I liked the talk by Peter Schwartz that I went to, so when I saw his most well-known book at the used book store for $3, I picked it up. A pretty quick read detailing the idea of scenario planning, a management strategy involving coming up with several detailed future possibilities for the world and playing them out to see how they would affect your corporate strategy. The point is not to predict the future, but to prepare for it; by having thought through how different factors in the world may affect you, you will be better prepared to deal with any of the myriad things that actually do happen. He emphasizes that a scenario fails if the people it is presented to don’t consider it. It has to be realistic and detailed enough to be considered as a possibility, but it also has to challenge the audience enough to change how they think. As he says, “The end result, however, is not an accurate picture of tomorrow, but better decisions about the future.”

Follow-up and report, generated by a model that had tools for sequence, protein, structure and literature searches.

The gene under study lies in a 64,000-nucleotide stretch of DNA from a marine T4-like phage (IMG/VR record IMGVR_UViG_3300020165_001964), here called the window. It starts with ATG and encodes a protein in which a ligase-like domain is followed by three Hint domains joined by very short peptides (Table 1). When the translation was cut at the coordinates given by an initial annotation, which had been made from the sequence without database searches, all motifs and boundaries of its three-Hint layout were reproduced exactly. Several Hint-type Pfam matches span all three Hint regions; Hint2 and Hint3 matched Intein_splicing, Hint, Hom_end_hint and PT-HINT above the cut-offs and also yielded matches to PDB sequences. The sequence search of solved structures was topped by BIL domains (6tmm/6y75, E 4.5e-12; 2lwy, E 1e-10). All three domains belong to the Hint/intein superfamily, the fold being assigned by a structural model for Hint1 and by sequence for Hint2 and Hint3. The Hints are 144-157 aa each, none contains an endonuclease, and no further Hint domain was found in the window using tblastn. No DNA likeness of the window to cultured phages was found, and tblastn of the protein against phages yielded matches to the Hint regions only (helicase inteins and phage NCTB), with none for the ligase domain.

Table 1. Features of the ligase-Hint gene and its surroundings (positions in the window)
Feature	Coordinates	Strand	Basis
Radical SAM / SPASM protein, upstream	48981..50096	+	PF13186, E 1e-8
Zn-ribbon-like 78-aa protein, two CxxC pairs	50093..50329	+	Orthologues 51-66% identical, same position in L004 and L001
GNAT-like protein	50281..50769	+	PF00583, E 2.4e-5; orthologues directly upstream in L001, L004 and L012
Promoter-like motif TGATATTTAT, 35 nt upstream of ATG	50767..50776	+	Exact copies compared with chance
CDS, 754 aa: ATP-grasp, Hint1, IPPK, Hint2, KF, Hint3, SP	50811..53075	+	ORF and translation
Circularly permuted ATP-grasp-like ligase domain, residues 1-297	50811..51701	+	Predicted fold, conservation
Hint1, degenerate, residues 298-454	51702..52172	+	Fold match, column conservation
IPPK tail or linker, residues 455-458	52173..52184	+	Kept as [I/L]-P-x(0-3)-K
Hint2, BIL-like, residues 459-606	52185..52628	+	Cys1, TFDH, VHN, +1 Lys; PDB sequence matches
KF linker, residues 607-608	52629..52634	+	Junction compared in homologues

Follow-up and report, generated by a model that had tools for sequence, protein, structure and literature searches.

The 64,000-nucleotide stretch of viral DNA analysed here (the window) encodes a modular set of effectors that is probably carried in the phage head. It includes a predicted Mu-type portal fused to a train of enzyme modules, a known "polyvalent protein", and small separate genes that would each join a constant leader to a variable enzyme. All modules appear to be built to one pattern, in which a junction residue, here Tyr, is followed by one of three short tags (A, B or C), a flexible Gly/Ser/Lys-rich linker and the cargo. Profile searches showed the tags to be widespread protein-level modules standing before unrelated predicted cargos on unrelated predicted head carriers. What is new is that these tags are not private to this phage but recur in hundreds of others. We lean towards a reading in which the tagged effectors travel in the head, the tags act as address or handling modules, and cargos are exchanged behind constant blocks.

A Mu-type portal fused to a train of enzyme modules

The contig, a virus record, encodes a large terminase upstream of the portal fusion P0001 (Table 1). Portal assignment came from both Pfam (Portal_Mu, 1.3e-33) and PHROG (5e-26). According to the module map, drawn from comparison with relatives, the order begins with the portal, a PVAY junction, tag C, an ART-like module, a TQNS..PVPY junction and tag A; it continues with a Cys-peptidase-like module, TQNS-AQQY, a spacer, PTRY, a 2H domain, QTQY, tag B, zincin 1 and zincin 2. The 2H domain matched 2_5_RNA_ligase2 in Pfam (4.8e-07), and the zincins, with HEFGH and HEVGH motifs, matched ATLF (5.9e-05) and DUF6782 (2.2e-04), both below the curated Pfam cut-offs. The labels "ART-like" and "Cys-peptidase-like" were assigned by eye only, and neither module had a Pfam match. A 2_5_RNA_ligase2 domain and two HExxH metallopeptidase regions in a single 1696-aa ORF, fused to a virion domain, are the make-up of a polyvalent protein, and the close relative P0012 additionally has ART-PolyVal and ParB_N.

After making the case for scenarios, Schwartz then goes into the details of how to prepare scenarios, how to identify critical decision points, how to gather information to construct the scenario story, balancing between pre-determined elements such as demographics versus unexpected possibilities, and composing a plot (he mentions several standard plots, including Winners and Losers, Challenge and Response, Evolution, et cetera).
Finally, he takes these ideas and uses them to construct three possible scenarios for 2005 (the book was written in 1991). And this is fairly interesting, since we’re living in that future now. So it was fun to check how various trends that he identified either failed to come to fruition or achieved success that he wouldn’t have believed. Not surprisingly, the world that exists has elements from all three of his scenarios (New Empires (where Europe matches up against a Pacific Bloc of North America and Japan and Southeast Asia), Market World (where laissez faire capitalism dominates – this is actually pretty close to what happened), Change Without Progress (our world has elements of this as well, particularly politically)). Interesting stuff.
I like the idea that scenario planning is centered around stories. Stories are one of the most powerful and compact ways to affect people’s behaviors. This is the power of myth, as Joseph Campbell would say. Stories tell us what to do, and serve as guides to our daily lives. Scenarios are a way of consciously constructing those stories in a way that is immediately relevant to corporate management. I’m not sure I’d recommend reading this specific book, because it doesn’t really have a lot of information; ipso facto, it’s a quick read, though.